AT the height of the madness of the Rudd-Gillard-Rudd years, who would have possibly thought that federal Labor would soon be the party of stability?
Or that Bill Shorten – the man who supported a challenge against Prime Minister Kevin Rudd and then, three years later, supported Rudd’s challenge against Prime Minister Julia Gillard – would be tut-tutting about chaos on the other side of the chamber?
Labor had a hard time keeping it together in government, so it’s been an extraordinary effort for the party to remain so tidy in opposition.
Mr Shorten has now been Opposition Leader for five years – almost two parliamentary terms – and has had only the most mild leadership flirtations from Anthony Albanese with which to contend.
The Coalition, in contrast, had three leaders in its first term of opposition alone after John Howard’s long innings as prime minister ended.
The Coalition also, amazingly, managed to tear down its first-term prime minister even more quickly than Labor had done two terms previously – setting in train the instability, recriminations and, finally, insurgency we have seen play out in the last three years.
New PM Scott Morrison has tried to draw a line under the lunacy of the last few weeks by calling it a Muppet Show.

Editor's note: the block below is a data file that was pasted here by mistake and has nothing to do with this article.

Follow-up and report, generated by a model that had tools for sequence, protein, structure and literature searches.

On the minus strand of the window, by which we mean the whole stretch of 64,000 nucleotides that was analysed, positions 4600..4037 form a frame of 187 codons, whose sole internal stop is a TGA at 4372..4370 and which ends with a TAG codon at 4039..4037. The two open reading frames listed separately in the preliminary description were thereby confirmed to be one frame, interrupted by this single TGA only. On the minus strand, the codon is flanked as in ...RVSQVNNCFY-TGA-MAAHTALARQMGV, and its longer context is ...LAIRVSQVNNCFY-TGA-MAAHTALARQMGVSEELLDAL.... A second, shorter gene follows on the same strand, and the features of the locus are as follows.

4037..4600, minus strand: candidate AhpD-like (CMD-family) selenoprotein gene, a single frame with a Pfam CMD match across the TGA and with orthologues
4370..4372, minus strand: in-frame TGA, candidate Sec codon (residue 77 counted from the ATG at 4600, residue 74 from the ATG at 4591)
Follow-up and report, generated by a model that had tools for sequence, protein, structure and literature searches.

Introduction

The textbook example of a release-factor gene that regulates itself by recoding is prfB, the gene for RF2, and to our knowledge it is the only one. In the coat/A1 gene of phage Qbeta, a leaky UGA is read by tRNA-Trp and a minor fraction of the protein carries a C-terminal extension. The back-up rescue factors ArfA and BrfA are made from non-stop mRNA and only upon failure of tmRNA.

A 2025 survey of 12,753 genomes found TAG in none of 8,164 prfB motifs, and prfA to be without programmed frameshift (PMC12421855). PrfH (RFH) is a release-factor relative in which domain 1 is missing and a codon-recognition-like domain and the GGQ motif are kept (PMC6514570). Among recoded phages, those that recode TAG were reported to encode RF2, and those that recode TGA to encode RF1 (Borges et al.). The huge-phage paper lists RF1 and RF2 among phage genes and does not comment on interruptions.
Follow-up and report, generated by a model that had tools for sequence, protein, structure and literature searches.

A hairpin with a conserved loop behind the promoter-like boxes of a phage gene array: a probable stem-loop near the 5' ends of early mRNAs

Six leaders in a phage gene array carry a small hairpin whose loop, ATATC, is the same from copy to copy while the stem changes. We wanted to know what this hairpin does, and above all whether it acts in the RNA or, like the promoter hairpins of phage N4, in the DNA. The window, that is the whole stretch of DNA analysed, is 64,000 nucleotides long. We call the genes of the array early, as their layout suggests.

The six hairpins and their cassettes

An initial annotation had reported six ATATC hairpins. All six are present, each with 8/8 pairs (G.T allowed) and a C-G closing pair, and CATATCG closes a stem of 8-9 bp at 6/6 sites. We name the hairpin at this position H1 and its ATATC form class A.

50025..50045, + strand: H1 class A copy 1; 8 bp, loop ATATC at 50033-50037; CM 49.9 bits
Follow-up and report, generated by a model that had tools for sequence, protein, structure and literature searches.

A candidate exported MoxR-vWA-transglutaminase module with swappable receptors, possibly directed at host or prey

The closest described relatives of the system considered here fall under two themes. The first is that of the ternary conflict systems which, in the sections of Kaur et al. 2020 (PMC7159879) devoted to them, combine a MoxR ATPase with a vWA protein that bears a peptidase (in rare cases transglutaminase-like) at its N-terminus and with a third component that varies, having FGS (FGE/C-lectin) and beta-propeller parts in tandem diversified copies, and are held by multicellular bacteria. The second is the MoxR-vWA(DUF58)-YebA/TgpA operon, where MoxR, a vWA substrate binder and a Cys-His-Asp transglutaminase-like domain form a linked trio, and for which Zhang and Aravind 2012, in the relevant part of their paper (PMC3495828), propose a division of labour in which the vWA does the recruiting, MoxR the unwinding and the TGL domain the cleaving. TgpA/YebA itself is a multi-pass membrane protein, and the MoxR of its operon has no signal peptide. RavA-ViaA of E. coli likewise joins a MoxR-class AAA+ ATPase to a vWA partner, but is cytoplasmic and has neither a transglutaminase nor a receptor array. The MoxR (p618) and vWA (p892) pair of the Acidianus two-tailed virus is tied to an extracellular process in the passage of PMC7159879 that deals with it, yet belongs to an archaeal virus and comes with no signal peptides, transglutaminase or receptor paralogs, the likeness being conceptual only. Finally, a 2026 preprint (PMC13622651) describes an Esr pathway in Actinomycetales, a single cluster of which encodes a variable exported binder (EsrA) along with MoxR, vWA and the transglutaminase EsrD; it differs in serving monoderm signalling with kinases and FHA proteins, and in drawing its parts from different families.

Any voter who thinks Australian democracy needs two (at least) stable, viable alternatives at the ballot box, however, might be inclined to call it a farce. Or a horror movie.
Or perhaps a supernatural thriller: where a group of people, having watched with pleasure while their enemies are consumed by chaos and savagery, find the curse has somehow been transferred to them.
Watchers of federal politics could be forgiven, as they pick over the results of this latest leadership spill, for thinking they are living in the up-is-down, left-is-right Bizarro World of the Superman comics.
The man who helped bring down two Labor prime ministers in three years now represents stability and steadfastness.
The party that governed Australia for four terms under John Howard now represents instability and uncertainty.
And the leadership aspirant with the most support in the polls, Julie Bishop, finished last in the contest to replace Malcolm Turnbull.
Strange days indeed.